Learning to Drive

Getting Your P Plates

To get your P’s, you need to complete at least 75 hours of supervised driving, with a minimum of 15 hours at night. Make sure you’ve practiced in all types of conditions including rain, fog, peak hour traffic, at different times of day, and on different roads. Make sure you also practice on country highways, winding roads in hilly terrain and multi-lane divided roads, such as the South Eastern Freeway and Northern Expressway etc.  

Once you’ve been on your L’s for a year and have either successfully completed your driver training and assessment through either the Vehicle on Road Test (VORT) or Competency Based Training and Assessment (CBT&A), as well as the Hazard Perception Test – you’ll be able to apply for your P’s at a Service SA Centre.

Once you have your provisional licence

So you’ve got your P’s, but do you know all of the new rules you need to follow?

  • You can’t accumulate four or more demerit points on your provisional licence period or you will lose your licence
  • You can’t drive a vehicle with any alcohol or drugs in your system
  • You can only drive the class of vehicle that’s stated on your licence
  • You must carry your licence at all times while driving
  • You can’t drive a high-powered vehicle if you’re 25 years or younger – unless you have an exemption
  • You can’t drive over 100km/h even when the posted speed limit exceeds this

 P1 provisional licence

  • You must display P plates clearly from the front and back of the car (rear only for motorcycles)
  • You can’t use the GPS function on your mobile phone or talk on the phone while driving, not even hands-free with Bluetooth or on loud speaker
  • You can’t drive between midnight and 5am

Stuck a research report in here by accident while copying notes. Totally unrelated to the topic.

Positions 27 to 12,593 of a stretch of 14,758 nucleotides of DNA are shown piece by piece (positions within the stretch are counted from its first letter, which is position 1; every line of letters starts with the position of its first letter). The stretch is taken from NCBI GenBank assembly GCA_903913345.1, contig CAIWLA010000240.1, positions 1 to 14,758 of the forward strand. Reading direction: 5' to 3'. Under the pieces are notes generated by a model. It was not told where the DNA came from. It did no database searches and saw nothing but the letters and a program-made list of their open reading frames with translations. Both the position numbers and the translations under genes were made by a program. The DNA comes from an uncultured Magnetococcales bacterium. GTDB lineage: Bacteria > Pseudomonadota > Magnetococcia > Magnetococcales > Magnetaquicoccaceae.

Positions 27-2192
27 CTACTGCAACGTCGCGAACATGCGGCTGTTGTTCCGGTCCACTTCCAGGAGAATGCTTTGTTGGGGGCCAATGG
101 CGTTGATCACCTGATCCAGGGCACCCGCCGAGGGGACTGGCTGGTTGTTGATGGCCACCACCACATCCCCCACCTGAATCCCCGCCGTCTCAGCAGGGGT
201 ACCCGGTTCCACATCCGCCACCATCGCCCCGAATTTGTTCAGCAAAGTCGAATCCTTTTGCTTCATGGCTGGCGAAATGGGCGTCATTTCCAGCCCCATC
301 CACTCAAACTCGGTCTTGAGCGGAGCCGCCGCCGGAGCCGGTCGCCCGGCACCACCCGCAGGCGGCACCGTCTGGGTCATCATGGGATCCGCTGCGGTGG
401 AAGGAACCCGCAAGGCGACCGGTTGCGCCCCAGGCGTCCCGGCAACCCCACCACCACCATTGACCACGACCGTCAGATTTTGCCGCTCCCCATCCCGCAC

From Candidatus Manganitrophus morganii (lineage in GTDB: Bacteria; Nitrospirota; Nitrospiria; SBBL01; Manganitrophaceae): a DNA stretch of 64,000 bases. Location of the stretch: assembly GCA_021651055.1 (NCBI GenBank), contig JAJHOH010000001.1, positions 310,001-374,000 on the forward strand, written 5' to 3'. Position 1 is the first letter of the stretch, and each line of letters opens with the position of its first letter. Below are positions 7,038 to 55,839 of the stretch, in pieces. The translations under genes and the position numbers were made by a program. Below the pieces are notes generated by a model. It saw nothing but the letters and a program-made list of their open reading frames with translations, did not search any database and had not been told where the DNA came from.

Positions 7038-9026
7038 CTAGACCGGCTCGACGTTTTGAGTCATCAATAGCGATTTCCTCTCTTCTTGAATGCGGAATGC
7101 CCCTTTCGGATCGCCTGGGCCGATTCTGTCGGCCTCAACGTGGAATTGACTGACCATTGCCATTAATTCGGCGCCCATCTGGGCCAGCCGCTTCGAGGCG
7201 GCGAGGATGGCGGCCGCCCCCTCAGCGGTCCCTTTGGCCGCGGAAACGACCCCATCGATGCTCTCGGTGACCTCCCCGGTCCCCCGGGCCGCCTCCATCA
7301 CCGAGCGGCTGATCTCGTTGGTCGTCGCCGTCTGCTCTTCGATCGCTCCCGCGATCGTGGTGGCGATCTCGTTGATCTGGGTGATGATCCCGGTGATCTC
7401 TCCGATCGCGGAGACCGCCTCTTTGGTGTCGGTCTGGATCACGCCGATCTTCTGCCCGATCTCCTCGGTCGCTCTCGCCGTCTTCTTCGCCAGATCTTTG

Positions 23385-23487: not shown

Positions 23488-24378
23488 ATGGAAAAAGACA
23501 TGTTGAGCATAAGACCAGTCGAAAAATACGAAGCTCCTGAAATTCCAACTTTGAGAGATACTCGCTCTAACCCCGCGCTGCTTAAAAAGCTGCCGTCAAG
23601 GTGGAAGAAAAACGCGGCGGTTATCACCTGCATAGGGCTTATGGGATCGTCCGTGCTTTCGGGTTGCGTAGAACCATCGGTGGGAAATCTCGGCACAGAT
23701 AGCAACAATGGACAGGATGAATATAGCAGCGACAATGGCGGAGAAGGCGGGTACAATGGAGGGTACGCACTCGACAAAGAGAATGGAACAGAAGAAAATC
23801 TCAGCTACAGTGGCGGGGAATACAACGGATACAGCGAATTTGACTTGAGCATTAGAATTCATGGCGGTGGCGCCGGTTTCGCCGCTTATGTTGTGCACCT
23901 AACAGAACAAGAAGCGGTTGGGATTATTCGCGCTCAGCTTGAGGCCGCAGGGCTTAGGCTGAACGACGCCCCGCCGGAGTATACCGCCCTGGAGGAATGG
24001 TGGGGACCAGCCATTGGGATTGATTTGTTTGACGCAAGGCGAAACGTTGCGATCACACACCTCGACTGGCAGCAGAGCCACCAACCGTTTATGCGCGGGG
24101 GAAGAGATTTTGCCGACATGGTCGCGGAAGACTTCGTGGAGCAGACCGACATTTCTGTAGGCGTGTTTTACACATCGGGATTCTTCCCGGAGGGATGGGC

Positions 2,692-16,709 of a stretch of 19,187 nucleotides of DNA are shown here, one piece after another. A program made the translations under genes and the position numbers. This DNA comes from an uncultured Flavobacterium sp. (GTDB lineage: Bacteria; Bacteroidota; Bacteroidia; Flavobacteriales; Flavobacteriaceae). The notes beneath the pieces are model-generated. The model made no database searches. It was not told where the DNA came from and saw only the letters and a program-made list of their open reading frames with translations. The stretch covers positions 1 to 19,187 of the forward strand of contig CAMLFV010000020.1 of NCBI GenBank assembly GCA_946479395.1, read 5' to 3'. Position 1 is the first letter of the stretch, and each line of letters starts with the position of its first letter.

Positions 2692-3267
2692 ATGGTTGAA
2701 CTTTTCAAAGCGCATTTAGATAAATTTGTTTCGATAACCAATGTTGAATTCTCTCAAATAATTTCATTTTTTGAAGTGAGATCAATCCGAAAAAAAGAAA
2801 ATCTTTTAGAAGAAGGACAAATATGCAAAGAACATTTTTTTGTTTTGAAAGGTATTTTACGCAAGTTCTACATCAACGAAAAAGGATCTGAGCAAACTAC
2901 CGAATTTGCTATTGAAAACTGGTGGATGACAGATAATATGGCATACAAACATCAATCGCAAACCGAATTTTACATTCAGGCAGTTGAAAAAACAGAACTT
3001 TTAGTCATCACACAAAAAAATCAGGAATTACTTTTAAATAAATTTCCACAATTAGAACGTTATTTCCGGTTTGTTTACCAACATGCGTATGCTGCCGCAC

• You can’t drive with more than one passenger aged 16-20 (exemptions apply for family members) unless a qualified supervising driver is seated next to you or you meet the exemption criteria

New rules for P1 drivers

To find out more about the new P1 driver rules that were introduced on 28 July 2014, click here.

High powered vehicles

If you are under the age of 25, you must not drive a high-powered vehicle.

On 1 March 2014, the definition of high powered vehicles changed for vehicles manufactured from 1 January 2010 onwards. This allows all types of vehicles, regardless of the number of cylinders, fuel type, being turbo or super charged, to be driven by provisional licence holders, on the condition that the vehicle power to weight ratio is not greater than 130 kilowatts per tonne in tare mass, and no modification is made to alter engine performance. 

For vehicles manufactured before 1 January 2010, a HPV is defined as a light vehicle (GVM 4500kg or less) that has:

  • 8 cylinders or more
  • A turbocharged or supercharged engine (except diesel powered vehicles with less than 8 cylinders)
  •  A vehicle that has been modified to increase engine performance (other than vehicles that have been so modified by the manufacturer in the course of manufacture of the vehicle)
  • A HPV as listed in the South Australian Government Gazette

Please note that vehicles listed under the list of Vehicles Excluded in the High Powered Vehicles notice have turbo charged or supercharged engines for fuel efficiency improvements, and therefore are not classified as high performance vehicles.

To make sure your car or your parents' car isn't listed as a high powered vehicle, visit the EzyReg website. All you need to do is click on the check high powered vehicle status link and type in the car's registration number or the vehicle identification number to see what it's listed as.

High-powered vehicle restrictions do not apply:

  • When you turn 25 years of age
  • If you obtained your P1 or P2 licence before 4 September 2010
  • You have an exemption certificate
Free Pass for teens

Third Party Car Insurance

Third Party Property Damage Insurance is the basic form of insurance that covers you for loss or damage to other people's property.

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